Playwright Martin McDonagh's writing hits a unique pitch between dark, bloody satire and interpersonal conflicts that makes his finest work play like a combination of Quentin Tarantino and Aaron Sorkin. From "The Pillowman" to "A Behanding in Spokan," McDonagh's plays tend to begin with a ludicrous premise filled with colorful characters whose struggles eventually become real enough to allow for moving finales. With his second feature-length directorial effort following the gangster farce "In Bruges," you have to look closely to see beyond the absurdities and appreciate the insight, but that's only because the two ingredients are fused together with such enjoyably wacky finesse.
Despite its silliness, "Seven Psychopaths" bears the mark of a personal work if for no other reason than the lead character played by Colin Farrell is named Marty and suffers from a major case of writer's block. Attempting to construct a screenplay with the movie's title, he spends the runtime trying to figure out the identities for each of the psychopaths set to be featured in the story. Help arrives in the form of his two close pals, the peppy Billy (Sam Rockwell) and introspective Hans (Christopher Walken). Both actors appeared in McDonagh's New York stage production of "A Behanding in Spokane" not too long ago, and their ability to have fun with this freewheeling material is evident; Walken, in particular, delivers his best performance in years, a welcome return to the over-the-top mock seriousness that defines Walkenesque.
But "Seven Psychopaths" moves beyond the neuroses of its bitchy writer protagonist to let his creations take the stage because Billy attempts to draw from real life and finds plenty of material. While his psychopaths are modeled after real people, the movie frequently cuts to Marty's dramatized takes, and their glorified violence takes the movie through a series of calculated gags. The tale of the Quaker Psychopath, embodied by Harry Dean Stanton, is a matched only by the arrival of Tom Waits as a mopey psychopath who spent his formative years killing psychopaths. Then there's the Vietnamese Rider (Ricky Titus), whose path of destruction develops out of more personal concerns.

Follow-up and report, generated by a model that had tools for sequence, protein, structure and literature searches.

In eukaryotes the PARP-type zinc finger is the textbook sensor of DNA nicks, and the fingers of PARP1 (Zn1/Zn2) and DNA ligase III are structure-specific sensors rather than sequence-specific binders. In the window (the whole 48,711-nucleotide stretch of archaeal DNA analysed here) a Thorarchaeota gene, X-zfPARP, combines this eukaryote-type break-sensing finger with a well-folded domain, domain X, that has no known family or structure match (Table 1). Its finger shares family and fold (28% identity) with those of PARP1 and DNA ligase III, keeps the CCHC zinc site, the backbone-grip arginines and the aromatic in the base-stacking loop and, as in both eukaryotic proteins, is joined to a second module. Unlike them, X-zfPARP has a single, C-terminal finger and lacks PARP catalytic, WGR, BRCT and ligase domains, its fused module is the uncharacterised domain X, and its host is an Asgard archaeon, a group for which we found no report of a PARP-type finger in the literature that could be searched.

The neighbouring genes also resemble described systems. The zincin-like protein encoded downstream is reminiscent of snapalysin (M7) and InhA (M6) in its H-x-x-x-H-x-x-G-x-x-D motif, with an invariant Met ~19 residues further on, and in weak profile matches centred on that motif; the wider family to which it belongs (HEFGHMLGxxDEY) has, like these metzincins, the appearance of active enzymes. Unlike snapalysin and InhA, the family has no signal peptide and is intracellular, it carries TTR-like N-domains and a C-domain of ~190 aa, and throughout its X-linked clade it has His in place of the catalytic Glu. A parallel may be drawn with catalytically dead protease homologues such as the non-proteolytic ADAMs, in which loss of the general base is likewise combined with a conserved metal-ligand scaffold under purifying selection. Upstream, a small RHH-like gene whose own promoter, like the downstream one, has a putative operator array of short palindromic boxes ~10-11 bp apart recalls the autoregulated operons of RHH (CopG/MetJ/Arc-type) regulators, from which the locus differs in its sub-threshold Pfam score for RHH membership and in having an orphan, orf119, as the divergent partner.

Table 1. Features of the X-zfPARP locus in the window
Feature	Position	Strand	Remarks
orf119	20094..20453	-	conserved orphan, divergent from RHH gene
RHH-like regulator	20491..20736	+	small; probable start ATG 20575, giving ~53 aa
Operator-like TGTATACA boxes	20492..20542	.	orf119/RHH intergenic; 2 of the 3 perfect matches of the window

Marty also has to contend with real-life psychopaths, including a gun-toting Woody Harrelson, the gangster whose beloved Shih Tzu has been stolen by Billy and Hans. Harrelson, amusing deadpan as usual, launches a pursuit of the men that leads to a series of climaxes and revelations both confounding and entertaining for largely the same reasons. The problem is compounded by the ridiculous ingredients driving it. "You can't let the animals die," Billy insists when Marty complains about the gangster on their tail. "Only the women." Truth and fiction merge until even Marty can't quite sort it all out.
A less controlled and slapdash character piece than "In Bruge," McDonagh's new movie benefits greatly from a plethora of one-liners that toy with crime movie clichés in the unlikely context of writerly obsessions. When Marty complains about the clichéd use of guns in most crime scripts, one of his pals fires back, "They aren't fucking leprechauns." And yet it's the air of breezy fantasy that transforms "Seven Psychopaths" from an ego-driven lark to an oddly spot-on analysis of the way fiction and reality can merge for those who attempt to draw from one to create the other.
The zany developments never slow down, but there's still a general sense of carelessnessas it veers in and out of Marty's developing screenplay. A keen anatomy of a slippery craft, "Seven Psychopaths" may not take itself too seriously and beckons viewers to feel the same way. But each strong jab in the ribs comes equipped with a dose of creative insight. It's less a love letter to the writing process than a satire of those obsessed with it. Even if McDonagh doesn't mean to imply that writing is a psychopathic behavior, the proof is in the gory pudding.
Criticwire grade: A-
HOW WILL IT PLAY? CBS Films will release "Seven Psychopaths" on October 12. It may be too off-kilter and dark for many audiences but fans of McDonagh and the stars may help it find solid business in its opening weekend.